Wednesday, September 26, 2018

The Turtles - Shell Shock (upgrade)

The Turtles – Shell Shock
(soniclovenoize reconstruction)
September 2018 Upgrade

Side A:
1.  Goodbye Surprise
2.  Like It or Not
3.  There You Sit Lonely
4.  We Ain’t Gonna Party No More
5.  Lady-O

Side B: 
6.  Gas Money
7.  Can I Go On
8.  You Want To Be A Woman
9.  If We Only Had The Time
10.  Who Would Ever Think That I Would Mary Margaret?
11.  Teardrops

This is a reconstruction of what was intended to be The Turtles final album Shell Shock.  Produced by Jerry Yester for a 1970 release, the band envisioned Shell Shock as their masterpiece and career coda but it remained unfinished due to extreme meddling from their record label.  White Whale Records went back on their word to fund the album and entrapped frontmen Flo and Eddie to bend to their corporate wishes.  After dissolving the band, White Whale trickled out the Shell Shock material, in various forms of completeness, on various compilation releases until the label themselves dissolved as well.  This reconstruction attempts to cull all the material originally recorded and meant to be a part of the Shell Shock project into a finished, cohesive album, utilizing the best possible masters of each track.

Upgrades to this September 2018 edition are: 
  • Upgraded sources from  All The Singles and the  Turtle Soup remaster

An extreme example of the commercial world destroying the artistic: quite simply, The Turtles are martyrs.  Locked into a record contract so rigid that frontmen Howard Kaylan and Mark Volman were not even allowed to use their actual names after the break-up of The Turtles, much of their career in the 60s were spent fighting the industry that restrained them.  Miraculously, many of their successes were an embodiment of this—most notably their hit song “Elenore”, a sarcastic response to their label’s request to write an assembly-line pop hit in the fashion of their signature hit “Happy Together”.  That friction climaxed in 1970 as the band began winding down after years of biting the hands that barely fed them as well as the commercial let-down of their previous album, the Ray Davies-produced Turtle Soup.

In an attempt for a final bravado, the quintet assembled at Sunset Sound studios in January 1970 and began recording their usual mix of originals and outside-written tracks.  Produced by Jerry Yester, the band again sought to record another intelligent and musically diverse album as Turtle Soup, this time a bit more commercial.  At least seven songs are known to have been recorded during these Yester sessions including: original compositions “Can I Go On”, “If We Only Had The Time”, “There You Sit Lonely”, “We Ain’t Gonna Party No More”; guitarist Al Nichol’s “You Want To Be A Woman”; and the Bonner/Gordon leftovers “Goodbye Surprise” & “Like It Or Not”.   The Turtles also recorded a pair of ridiculous songs as: an authentic cover of Jan & Arnie’s “Gas Money” and a cover of the band's live staple, Lee Andrews & The Hearts’ “Teardrops”.  It was released as a very rare, promo-only single in February 1970, credited to The Dedications.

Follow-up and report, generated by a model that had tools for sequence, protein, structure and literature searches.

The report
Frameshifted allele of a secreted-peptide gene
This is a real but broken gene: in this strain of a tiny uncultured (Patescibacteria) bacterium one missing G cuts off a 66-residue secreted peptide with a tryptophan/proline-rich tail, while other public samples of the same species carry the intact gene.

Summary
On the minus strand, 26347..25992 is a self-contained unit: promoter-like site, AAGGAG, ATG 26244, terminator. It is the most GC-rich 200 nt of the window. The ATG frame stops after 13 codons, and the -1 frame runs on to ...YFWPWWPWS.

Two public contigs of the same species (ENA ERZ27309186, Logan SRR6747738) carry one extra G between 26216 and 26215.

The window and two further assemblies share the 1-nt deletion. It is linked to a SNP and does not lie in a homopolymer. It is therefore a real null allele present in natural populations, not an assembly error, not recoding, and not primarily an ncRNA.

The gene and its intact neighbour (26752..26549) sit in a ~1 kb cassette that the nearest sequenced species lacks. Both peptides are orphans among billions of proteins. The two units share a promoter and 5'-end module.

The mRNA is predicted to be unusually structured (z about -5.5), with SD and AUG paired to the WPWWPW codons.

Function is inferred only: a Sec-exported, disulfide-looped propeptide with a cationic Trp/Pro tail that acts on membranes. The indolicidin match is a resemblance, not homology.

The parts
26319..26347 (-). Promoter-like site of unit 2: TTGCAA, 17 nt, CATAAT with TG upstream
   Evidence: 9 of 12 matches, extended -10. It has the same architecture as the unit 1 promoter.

But midway through the Yester sessions, White Whale desired The Turtles to have a hit single after being dismayed by the lackluster sales of Turtle Soup.  They suggested that Kaylan and Volman fly to Memphis and record vocal overdubs on a pre-recorded backing track for the ridiculously corny song “Who Would Ever Thought That I Would Marry Margaret?”, penned by professional songwriters Ralph Dino and John Sembello.  Kaylan and Volman refused, claiming this transgression would reduce their rock band into transparent pop idols.  In retaliation for their refusal to turn their band into a pair of fake pop singers, White Whale chained the doors to their studio at Sunset Sound and even posted guards outside the door, not allowing The Turtles to even retrieve their own gear, let alone finish the album!

In a desperate attempt to save the Shell Shock recordings and the hope to somehow finish the album, Kaylan and Volman agreed to record “Margaret”, although they refused to add anything other than their necessary lead and backing vocals.  This ‘unfinished’ mix was released to dismal critical and commercial attention—just as the pair had predicted—and the single was a flop.  Despite Kaylan and Volman’s participation, White Whale still refused to let The Turtles finish Shell Shock and both parties sued each other: White Whale sued The Turtles for a breach of contract and The Turtles sued White Whale for a missing $2,500,000 that was owed to them. The band soon called it quits amidst litigation.  In one final plea to salvage the band’s reputation, White Whale allowed Kaylan, Volman and Nichol to record vocals for a final Turtles single, the beautiful “Lady-O”.  Written and performed acoustically by Judee Sill, it was a gentle goodbye to the band.